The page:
August 20, 2013
[Prosultiamine Treatment as a Novel Treatment for the Chronic Neurological Disease HAM]
Nagasaki University Graduate School of Biomedical Sciences Molecular Microbiology and Immunology
Associate Professor Tatsufumi Nakamura
Nagasaki University Graduate School Associate Professor Tatsufumi Nakamura (Molecular Microbiology and Immunology), together with Nagasaki University Assistant Professor Tomohiro Matsuo (Department of Urology) and other researchers, published a paper on the efficacy of vitamin B1 formulation prosultiamine (product name: Alinamin) in the treatment of HTLV-I-associated myelopathy (HAM), titled "Efficacy of prosultiamine treatment in patients with HTLV-I-associated myelopathy/tropical spastic paraparesis: results from an open-label clinical trial" in the August 15 edition of the British electronic journal "BMC Medicine."
HAM is a chronic neurological disease specified by the Ministry of Health, Labour and Welfare. Epidemiological studies estimate that approximately 3600 people in Japan have HAM. The disease is especially prominent in Kyushu, where there are many sufferers of HTLV-I. HAM is caused by HTLV-I-infected lymphocytes infiltrating the spinal cord, causing chronic myelitis. Clinically, it is characterized by motor dysfunction of the lower extremities and disturbance of urination/defecation. Treatments include corticosteroid hormone and interferon alpha treatments, but there are many problems with these treatments, such as insufficient effectiveness and side-effects associated with long-term use. There is a pressing need for the development of new treatment methods for this disease, which steadily progresses once it develops.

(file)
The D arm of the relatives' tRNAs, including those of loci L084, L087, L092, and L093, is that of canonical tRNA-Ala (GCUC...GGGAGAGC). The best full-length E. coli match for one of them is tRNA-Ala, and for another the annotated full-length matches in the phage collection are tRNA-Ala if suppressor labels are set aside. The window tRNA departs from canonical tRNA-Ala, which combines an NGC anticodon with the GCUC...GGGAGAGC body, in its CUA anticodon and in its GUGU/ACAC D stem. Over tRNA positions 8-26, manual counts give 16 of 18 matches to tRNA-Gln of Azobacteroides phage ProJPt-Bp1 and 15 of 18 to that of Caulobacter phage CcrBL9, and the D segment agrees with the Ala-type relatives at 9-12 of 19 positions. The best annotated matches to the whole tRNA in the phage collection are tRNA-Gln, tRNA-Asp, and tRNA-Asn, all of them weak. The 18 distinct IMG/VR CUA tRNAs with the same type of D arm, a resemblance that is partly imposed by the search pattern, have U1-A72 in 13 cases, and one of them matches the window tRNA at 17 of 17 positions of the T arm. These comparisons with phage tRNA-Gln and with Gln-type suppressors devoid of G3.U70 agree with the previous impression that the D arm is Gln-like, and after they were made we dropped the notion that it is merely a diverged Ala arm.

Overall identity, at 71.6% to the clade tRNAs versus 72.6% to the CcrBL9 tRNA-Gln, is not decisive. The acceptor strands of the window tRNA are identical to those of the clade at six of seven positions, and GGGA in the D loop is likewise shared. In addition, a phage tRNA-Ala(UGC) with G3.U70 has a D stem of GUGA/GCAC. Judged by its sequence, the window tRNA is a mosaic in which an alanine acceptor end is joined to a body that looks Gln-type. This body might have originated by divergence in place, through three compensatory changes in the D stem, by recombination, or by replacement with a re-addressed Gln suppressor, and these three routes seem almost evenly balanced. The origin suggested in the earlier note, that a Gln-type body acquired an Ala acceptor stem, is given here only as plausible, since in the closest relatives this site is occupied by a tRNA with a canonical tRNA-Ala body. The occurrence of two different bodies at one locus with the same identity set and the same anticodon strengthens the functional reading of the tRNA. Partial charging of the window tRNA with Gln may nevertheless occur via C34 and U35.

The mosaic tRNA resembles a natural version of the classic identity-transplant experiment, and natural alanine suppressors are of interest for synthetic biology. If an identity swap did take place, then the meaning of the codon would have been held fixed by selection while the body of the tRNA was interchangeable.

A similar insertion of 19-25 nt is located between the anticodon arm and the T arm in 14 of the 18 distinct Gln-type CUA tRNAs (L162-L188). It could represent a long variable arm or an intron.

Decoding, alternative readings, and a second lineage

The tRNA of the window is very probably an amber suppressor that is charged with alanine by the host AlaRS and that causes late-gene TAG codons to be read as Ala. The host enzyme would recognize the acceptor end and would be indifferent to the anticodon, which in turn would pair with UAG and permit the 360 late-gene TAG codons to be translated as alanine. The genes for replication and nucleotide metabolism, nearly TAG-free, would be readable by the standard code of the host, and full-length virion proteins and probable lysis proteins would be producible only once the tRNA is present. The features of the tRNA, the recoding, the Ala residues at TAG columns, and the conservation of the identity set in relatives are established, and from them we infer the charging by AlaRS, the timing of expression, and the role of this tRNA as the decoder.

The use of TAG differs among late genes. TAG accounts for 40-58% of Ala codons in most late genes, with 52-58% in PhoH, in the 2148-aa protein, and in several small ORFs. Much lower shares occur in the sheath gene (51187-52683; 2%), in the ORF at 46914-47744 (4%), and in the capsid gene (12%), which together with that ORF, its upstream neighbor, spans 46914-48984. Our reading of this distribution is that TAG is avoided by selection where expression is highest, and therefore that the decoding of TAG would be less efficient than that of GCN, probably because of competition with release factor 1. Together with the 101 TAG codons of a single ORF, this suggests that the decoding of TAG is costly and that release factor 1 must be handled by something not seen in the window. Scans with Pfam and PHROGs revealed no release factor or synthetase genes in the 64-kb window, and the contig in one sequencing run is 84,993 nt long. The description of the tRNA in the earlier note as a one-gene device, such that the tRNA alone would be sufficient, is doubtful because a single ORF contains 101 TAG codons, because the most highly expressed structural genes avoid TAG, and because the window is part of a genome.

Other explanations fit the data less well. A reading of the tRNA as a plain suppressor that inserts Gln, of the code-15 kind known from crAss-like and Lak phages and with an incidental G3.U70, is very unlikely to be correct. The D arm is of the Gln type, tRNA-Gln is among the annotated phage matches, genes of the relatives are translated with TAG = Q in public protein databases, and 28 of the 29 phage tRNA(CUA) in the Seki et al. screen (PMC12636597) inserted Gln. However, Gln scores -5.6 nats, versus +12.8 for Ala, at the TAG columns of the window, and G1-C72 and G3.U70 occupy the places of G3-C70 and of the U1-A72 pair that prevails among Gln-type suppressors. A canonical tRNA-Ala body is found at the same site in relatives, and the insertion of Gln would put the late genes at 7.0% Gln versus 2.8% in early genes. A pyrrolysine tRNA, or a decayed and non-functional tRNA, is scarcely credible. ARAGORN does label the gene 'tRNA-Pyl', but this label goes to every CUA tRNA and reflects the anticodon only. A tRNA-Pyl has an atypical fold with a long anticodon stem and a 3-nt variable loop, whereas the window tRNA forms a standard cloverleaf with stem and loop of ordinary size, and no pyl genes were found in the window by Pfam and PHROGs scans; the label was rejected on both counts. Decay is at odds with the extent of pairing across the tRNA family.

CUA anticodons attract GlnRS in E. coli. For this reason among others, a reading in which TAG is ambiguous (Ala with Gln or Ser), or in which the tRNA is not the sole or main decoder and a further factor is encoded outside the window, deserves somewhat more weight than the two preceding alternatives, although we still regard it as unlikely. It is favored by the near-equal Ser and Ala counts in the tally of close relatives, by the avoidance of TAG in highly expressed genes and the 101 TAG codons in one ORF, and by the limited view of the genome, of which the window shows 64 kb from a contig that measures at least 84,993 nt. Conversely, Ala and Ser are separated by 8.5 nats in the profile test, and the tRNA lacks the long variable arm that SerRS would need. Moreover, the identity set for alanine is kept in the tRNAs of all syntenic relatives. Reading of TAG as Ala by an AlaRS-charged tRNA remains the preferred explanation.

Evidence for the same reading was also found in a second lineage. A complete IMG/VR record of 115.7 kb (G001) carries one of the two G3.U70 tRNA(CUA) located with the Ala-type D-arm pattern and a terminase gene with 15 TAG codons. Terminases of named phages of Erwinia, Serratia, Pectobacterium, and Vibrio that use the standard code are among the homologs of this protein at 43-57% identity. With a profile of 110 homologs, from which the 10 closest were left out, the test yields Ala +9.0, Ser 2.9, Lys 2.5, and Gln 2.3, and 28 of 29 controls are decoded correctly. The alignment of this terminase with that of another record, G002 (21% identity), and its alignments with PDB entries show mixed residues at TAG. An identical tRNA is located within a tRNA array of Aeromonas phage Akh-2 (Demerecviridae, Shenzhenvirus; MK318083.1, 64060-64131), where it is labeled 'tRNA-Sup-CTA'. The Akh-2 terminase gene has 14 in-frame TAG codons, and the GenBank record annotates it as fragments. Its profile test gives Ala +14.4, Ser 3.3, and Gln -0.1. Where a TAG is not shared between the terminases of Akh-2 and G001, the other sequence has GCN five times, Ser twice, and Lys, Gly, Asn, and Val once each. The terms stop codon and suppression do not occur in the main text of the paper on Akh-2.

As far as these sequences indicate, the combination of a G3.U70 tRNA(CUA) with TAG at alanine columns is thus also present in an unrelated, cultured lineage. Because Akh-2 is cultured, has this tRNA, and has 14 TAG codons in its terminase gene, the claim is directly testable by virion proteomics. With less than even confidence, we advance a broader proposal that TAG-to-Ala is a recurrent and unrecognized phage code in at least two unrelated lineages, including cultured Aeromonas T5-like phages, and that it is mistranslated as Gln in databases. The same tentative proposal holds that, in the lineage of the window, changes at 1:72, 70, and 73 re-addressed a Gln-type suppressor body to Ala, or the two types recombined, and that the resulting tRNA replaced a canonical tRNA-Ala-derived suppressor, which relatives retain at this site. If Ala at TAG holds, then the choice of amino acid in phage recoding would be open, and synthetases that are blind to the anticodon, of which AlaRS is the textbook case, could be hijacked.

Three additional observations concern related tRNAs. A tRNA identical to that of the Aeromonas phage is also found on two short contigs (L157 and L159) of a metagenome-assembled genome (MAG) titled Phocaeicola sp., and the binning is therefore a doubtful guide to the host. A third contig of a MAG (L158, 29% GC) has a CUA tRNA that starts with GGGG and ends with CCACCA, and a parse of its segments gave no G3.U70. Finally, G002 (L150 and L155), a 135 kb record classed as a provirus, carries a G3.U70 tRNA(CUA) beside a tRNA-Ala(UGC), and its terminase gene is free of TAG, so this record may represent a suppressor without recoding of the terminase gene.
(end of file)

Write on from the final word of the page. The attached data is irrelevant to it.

Nakamura's team, noting that prosultiamine acts on HTLV-I-infected cells, carried out a clinical trial on 24 male and female HAM patients. Prosultiamine was administered once daily for 12 weeks. The researchers found that low extremity spasticity was reduced in 15 of 19 patients, walking and stair descending times decreased, and lower limb motor functions were improved. With regards to urinary functions, the team noted improvements such as increased bladder capacity and detrusor pressure, and the elimination of detrusor overactivity in 11 of 16 patients. Peripheral blood HTLV-I proviral volume fell by an average of approximately 15%. For some patients, it fell by as much as half. During the study, three of the patients reported abdominal discomfort, but all three to a minor degree, and there were no serious side-effects.
The clinical research verified the efficacy and safety of prosultiamine treatment, finding it to have a high potential as a HAM treatment. Further clinical testing will be required in order to receive pharmaceutical approval.